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Title: Large-scale layered systems and synthetic biology : model reduction and decomposition
Author: Prescott, Thomas Paul
ISNI:       0000 0004 5361 7987
Awarding Body: University of Oxford
Current Institution: University of Oxford
Date of Award: 2014
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This thesis is concerned with large-scale systems of Ordinary Differential Equations that model Biomolecular Reaction Networks (BRNs) in Systems and Synthetic Biology. It addresses the strategies of model reduction and decomposition used to overcome the challenges posed by the high dimension and stiffness typical of these models. A number of developments of these strategies are identified, and their implementation on various BRN models is demonstrated. The goal of model reduction is to construct a simplified ODE system to closely approximate a large-scale system. The error estimation problem seeks to quantify the approximation error; this is an example of the trajectory comparison problem. The first part of this thesis applies semi-definite programming (SDP) and dissipativity theory to this problem, producing a single a priori upper bound on the difference between two models in the presence of parameter uncertainty and for a range of initial conditions, for which exhaustive simulation is impractical. The second part of this thesis is concerned with the BRN decomposition problem of expressing a network as an interconnection of subnetworks. A novel framework, called layered decomposition, is introduced and compared with established modular techniques. Fundamental properties of layered decompositions are investigated, providing basic criteria for choosing an appropriate layered decomposition. Further aspects of the layering framework are considered: we illustrate the relationship between decomposition and scale separation by constructing singularly perturbed BRN models using layered decomposition; and we reveal the inter-layer signal propagation structure by decomposing the steady state response to parametric perturbations. Finally, we consider the large-scale SDP problem, where large scale SDP techniques fail to certify a system’s dissipativity. We describe the framework of Structured Storage Functions (SSF), defined where systems admit a cascaded decomposition, and demonstrate a significant resulting speed-up of large-scale dissipativity problems, with applications to the trajectory comparison technique discussed above.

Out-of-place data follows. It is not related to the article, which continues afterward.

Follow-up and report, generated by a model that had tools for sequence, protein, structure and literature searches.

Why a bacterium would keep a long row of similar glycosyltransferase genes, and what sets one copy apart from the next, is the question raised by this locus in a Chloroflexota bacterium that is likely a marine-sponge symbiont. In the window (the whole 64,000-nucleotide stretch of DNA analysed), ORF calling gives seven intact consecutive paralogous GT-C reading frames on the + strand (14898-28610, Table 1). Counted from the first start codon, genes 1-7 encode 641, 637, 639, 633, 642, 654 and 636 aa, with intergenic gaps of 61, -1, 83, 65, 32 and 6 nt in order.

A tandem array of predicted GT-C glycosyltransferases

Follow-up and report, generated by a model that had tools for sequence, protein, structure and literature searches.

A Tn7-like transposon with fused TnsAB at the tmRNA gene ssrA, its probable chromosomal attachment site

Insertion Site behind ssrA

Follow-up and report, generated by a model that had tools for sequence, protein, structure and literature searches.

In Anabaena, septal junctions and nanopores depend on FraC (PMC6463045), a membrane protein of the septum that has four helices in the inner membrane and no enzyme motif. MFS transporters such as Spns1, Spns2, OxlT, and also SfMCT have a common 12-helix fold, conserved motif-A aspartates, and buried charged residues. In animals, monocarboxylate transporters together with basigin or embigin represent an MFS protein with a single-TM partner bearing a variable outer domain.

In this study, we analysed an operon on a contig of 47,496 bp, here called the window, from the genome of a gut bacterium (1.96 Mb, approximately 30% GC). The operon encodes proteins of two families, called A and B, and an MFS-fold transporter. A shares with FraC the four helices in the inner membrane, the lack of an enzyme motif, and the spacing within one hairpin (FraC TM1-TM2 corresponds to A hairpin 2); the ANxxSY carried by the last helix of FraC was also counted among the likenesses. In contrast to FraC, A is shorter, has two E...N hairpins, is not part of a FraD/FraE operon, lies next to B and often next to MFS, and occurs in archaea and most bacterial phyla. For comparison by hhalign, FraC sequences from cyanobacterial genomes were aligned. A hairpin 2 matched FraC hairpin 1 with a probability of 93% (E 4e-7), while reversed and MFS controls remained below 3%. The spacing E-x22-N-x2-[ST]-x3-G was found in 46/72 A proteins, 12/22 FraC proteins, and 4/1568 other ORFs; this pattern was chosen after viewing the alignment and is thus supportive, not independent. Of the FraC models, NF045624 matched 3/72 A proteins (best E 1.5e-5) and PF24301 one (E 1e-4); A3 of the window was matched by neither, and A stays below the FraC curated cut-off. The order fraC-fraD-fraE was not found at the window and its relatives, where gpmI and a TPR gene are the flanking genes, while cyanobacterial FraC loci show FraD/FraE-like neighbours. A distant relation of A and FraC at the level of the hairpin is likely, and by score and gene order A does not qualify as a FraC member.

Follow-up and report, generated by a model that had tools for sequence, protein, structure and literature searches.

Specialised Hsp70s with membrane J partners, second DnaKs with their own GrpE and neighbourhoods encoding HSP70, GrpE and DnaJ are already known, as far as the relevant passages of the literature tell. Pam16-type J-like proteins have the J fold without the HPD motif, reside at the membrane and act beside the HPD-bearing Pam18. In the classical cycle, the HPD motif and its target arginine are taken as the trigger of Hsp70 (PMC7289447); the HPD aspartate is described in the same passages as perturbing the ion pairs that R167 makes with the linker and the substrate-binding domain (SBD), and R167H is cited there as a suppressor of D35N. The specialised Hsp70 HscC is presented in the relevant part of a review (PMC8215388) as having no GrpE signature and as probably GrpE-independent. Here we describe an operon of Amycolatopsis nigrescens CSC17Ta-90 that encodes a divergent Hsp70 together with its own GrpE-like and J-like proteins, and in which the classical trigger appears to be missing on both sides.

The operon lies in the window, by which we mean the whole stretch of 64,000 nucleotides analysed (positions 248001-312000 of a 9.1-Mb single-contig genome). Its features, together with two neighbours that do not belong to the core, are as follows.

Supervisor: Papachristodoulou, Antonis Sponsor: Engineering and Physical Sciences Research Council
Qualification Name: Thesis (Ph.D.) Qualification Level: Doctoral
EThOS ID:  DOI: Not available
Keywords: Computational biochemistry ; Biology and other natural sciences (mathematics) ; Mathematical biology ; Ordinary differential equations ; Mathematical modeling (engineering) ; Control engineering ; Systems biology ; Synthetic biology ; Model reduction ; Model decomposition ; Layering ; Dissipativity ; Storage Functions ; Timescale Separation ; Singular Perturbation ; Biochemical Reaction Networks